Quote 669 details Share on Google+ - Quote 669 Linked In Share Button - Quote 669 It is in vain, sir, to extenuate the matter. Gentlemen may cry, Peace, Peace-- but there is no peace. The war is actually begun! The next gale that sweeps from the north will bring to our ears the clash of resounding arms! Our brethren are already in the field! Why stand we here idle? What is it that gentlemen wish? What would they have? Is life so dear, or peace so sweet, as to be purchased at the price of chains and slavery? Forbid it, Almighty God! I know not what course others may take; but as for me, give me liberty or give me death!

Patrick Henry: Unknown

Quote 706 details Share on Google+ - Quote 706 Linked In Share Button - Quote 706 Single acts of tyranny may be ascribed to the accidental opinion of a day; but a series of oppressions, begun at a distinguished period, and pursued unalterably through every change of ministers, too plainly prove a deliberate, systematical plan of reducing us to slavery


Quote 755 details Share on Google+ - Quote 755 Linked In Share Button - Quote 755 BRAVERY - COURAGE - ... we dread nothing but slavery. Death is the creature of a poltroons brains; tis immortality to sacrifice ourselves for the salvation of our country. We fear not death. That gloomy night, that pal faced moon, and the affrighted starts that hurried through the sky, can witness that we fear not death. Our hearts which, at the recollection, glow with rage that four revolving years have scarcely taught us to restrain, can witness that we fear not death...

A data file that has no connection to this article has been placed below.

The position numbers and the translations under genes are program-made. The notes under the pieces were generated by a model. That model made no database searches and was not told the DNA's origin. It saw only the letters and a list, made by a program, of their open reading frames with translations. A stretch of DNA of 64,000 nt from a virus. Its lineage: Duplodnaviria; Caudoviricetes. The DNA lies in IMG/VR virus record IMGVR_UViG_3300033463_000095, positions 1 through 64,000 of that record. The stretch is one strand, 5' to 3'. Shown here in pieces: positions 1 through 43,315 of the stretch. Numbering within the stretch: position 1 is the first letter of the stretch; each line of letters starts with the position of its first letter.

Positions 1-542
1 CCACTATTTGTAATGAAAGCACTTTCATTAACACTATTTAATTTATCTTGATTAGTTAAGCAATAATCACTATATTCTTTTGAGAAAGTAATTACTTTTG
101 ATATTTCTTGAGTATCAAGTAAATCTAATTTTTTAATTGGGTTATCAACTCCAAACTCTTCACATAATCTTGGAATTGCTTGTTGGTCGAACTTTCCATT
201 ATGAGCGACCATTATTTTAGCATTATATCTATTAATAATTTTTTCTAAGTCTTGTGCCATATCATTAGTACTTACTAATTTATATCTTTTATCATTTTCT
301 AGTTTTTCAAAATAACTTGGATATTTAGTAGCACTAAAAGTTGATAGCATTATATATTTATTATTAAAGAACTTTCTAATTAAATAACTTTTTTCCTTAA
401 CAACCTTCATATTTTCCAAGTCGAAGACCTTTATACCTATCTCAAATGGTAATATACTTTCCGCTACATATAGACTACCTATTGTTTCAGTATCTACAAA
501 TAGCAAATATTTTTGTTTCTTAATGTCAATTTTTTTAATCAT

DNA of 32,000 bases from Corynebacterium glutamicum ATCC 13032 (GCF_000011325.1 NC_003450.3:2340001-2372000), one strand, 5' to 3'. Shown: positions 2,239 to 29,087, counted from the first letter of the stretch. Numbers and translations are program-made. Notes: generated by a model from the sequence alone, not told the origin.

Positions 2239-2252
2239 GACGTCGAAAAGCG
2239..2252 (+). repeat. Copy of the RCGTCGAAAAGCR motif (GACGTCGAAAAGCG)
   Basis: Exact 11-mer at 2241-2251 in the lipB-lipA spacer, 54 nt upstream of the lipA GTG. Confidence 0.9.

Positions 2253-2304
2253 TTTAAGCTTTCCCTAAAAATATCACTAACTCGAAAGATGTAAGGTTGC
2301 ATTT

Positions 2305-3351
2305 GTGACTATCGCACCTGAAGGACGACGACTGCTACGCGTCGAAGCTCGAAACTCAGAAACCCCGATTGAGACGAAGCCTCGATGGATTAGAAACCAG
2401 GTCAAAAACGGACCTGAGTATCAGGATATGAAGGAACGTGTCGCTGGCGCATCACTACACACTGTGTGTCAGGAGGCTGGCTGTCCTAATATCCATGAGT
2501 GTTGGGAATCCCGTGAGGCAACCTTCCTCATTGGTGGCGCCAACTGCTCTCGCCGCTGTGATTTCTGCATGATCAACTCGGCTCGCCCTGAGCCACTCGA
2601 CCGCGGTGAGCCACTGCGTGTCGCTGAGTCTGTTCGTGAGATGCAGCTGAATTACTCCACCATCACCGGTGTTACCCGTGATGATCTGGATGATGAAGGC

John Hancock: Boston Massacre Oration - March 5, 1774
Quoted Document: Boston Massacre Oration

Quote 771 details Share on Google+ - Quote 771 Linked In Share Button - Quote 771 It is much to be wished that slavery may be abolished. The honor of the States, as we as justice and humanity, in my opinion loudly call upon them to emancipate these unhappy people. To contend for our own liberty, and to deny that blessing to others, involves an inconsistency not to be excused.

John Jay: to R. Lushington - March 15, 1786

Quote 780 details Share on Google+ - Quote 780 Linked In Share Button - Quote 780 It is not choice then, but necessity that calls for Independence as the only means by which foreign Alliances can be obtained; and a proper confederation by which internal peace an Union may be secured. Contrary to our earnest, early, and repeated petitions for peace, liberty and safety, our enemies press us with war, threaten us with danger and Slavery

Richard Henry Lee: letter to Landon carter, June 2, 1776